Opponents have also pointed to the site’s historical context as a reason to oppose construction. The South River Forest – which they call the Weelaunee Forest – was one of the areas inhabited by the native Muscogee people before they were forcibly removed in the early 19th century.

The forest is currently surrounded by predominantly minority communities. Opponents say the facility would support militarized policing and surveillance already targeting black residents.

“This movement fights to make life right – once and for all. To end centuries of police brutality, imprisonment, displacement, exploitation and devastation of our communities,” the Defend the Atlanta Forest protest coalition tweeted Tuesday.

How have the protests developed?

The project quickly polarized Atlanta residents. The City Council received 1,166 responses — a total of 17 hours of audio — ahead of the vote to approve the facility in September 2021, according to the Atlanta Journal-Constitution.

Protesters then headed to the South River Forest, where they built barricades and camps. Several protest groups formed and planned actions during months of demonstrations.

Authorities, meanwhile, have repeatedly accused protesters of vandalizing property and equipment to disrupt construction. Ahead of the most recent arrest, she said Protesters threw “big rocks, stones, Molotov cocktails and fireworks at police officers”.

Attempts to clear the forest have led to multiple clashes and arrests.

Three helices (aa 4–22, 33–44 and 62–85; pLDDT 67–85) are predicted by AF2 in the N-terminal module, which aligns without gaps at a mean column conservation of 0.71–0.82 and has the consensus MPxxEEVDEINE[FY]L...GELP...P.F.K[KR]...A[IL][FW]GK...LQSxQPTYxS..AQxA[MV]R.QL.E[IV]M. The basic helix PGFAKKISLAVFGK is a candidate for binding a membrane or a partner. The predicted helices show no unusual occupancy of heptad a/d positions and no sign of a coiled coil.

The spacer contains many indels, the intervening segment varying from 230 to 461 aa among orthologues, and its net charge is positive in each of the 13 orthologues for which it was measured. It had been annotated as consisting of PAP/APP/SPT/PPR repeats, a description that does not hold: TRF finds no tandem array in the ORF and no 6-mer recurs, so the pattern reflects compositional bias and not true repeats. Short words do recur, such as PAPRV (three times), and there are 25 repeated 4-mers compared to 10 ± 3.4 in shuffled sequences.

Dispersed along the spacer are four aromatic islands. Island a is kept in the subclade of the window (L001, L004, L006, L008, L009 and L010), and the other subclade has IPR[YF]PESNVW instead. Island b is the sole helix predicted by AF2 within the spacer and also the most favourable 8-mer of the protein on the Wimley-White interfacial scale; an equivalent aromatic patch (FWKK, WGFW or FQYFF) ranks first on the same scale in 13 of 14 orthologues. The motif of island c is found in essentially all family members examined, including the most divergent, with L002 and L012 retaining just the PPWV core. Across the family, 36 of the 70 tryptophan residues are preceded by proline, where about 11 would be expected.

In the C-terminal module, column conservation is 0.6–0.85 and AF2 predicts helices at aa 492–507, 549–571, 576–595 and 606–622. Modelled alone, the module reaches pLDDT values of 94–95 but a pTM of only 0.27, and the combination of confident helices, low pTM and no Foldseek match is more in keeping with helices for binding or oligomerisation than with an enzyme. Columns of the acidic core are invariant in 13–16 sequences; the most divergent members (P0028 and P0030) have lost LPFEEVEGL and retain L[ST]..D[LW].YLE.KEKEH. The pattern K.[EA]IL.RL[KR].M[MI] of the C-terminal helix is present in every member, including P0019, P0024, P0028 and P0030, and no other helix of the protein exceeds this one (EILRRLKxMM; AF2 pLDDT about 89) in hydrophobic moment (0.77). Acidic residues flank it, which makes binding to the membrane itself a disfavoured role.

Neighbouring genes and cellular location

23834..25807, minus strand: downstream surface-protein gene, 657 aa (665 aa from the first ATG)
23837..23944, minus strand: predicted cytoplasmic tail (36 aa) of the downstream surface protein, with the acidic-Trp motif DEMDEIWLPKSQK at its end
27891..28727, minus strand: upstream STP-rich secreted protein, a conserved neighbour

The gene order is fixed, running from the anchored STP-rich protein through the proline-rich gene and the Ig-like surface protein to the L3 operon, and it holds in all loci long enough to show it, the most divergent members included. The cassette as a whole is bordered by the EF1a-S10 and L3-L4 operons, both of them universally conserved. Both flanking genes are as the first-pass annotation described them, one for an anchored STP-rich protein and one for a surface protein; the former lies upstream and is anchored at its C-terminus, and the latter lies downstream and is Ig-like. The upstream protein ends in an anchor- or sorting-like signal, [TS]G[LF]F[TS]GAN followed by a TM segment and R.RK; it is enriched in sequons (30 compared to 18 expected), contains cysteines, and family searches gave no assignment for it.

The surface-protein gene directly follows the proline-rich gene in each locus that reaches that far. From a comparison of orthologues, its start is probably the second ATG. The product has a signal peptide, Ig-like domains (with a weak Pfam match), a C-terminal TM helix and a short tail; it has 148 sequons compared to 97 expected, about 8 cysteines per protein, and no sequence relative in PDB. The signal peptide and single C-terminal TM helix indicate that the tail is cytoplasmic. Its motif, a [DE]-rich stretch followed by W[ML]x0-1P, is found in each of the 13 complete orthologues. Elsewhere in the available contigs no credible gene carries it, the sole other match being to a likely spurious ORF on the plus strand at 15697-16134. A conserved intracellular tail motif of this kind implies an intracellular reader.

In January, the police killing of protester Manuel Esteban Paez Teran, known as “Tortuguita”, catapulted the protests onto the national and international stage.

Authorities initially said officers fatally shot Teran after the 26-year-old shot at a state agent.

The Georgia Bureau of Investigation, which continues to investigate the killing, said on Feb. 9: “At least one statement exists in which an officer speculates that the Trooper was shot by another officer in crossfire. Speculation is not evidence. Our research does not support that statement.”

Meanwhile, Georgia’s Attorney General Chris Carr told the Atlanta News First local news station on Tuesday said 41 protesters had been charged so far under the state’s “domestic terrorism” law.

“Protesters use words, rioters use violence. The former is protected by the First Amendment,” Carr said. “The second is criminal acts, and we will prosecute and hold accountable those who engage in criminal acts.”

Why are there concerns about protesters’ rights?

Prosecutors in December began charging protesters under a Georgia “domestic terrorism” law that includes penalties for disabling or destroying “critical infrastructure, a state or government facility” with the intent to “violate government policy modify, change or enforce”.

Under the law, a suspect’s actions need not directly harm or threaten a person.

The law was passed in 2017 but was met with opposition from some lawmakers, who warned that the law could be used against protest movements, despite a change aimed at protecting peaceful assembly.

An abandoned protest sign is seen in Weelaunee People’s Park near Atlanta, Georgia (Cheney Orr/The Associated Press)

Last week, several civil liberties and human rights organizations warned authorities that “blaming protest-related crimes that may have been committed as domestic terrorism will curb legal protests, or indeed is intended, to restrict civil space and deprive First Amendment freedoms.” to run”. .

“These politicized allegations are a clear attempt to silence dissent by labeling an activist movement as susceptible to terrorism,” the letter said.

“Improperly prosecuting allegations of domestic terrorism is an affront to the civil liberties protected by the First Amendment and may harm civil liberties and civil space.”

Meanwhile, legal observers have said prosecutors’ use of the law in the current context is largely untested.

No court date has yet been set for those facing charges.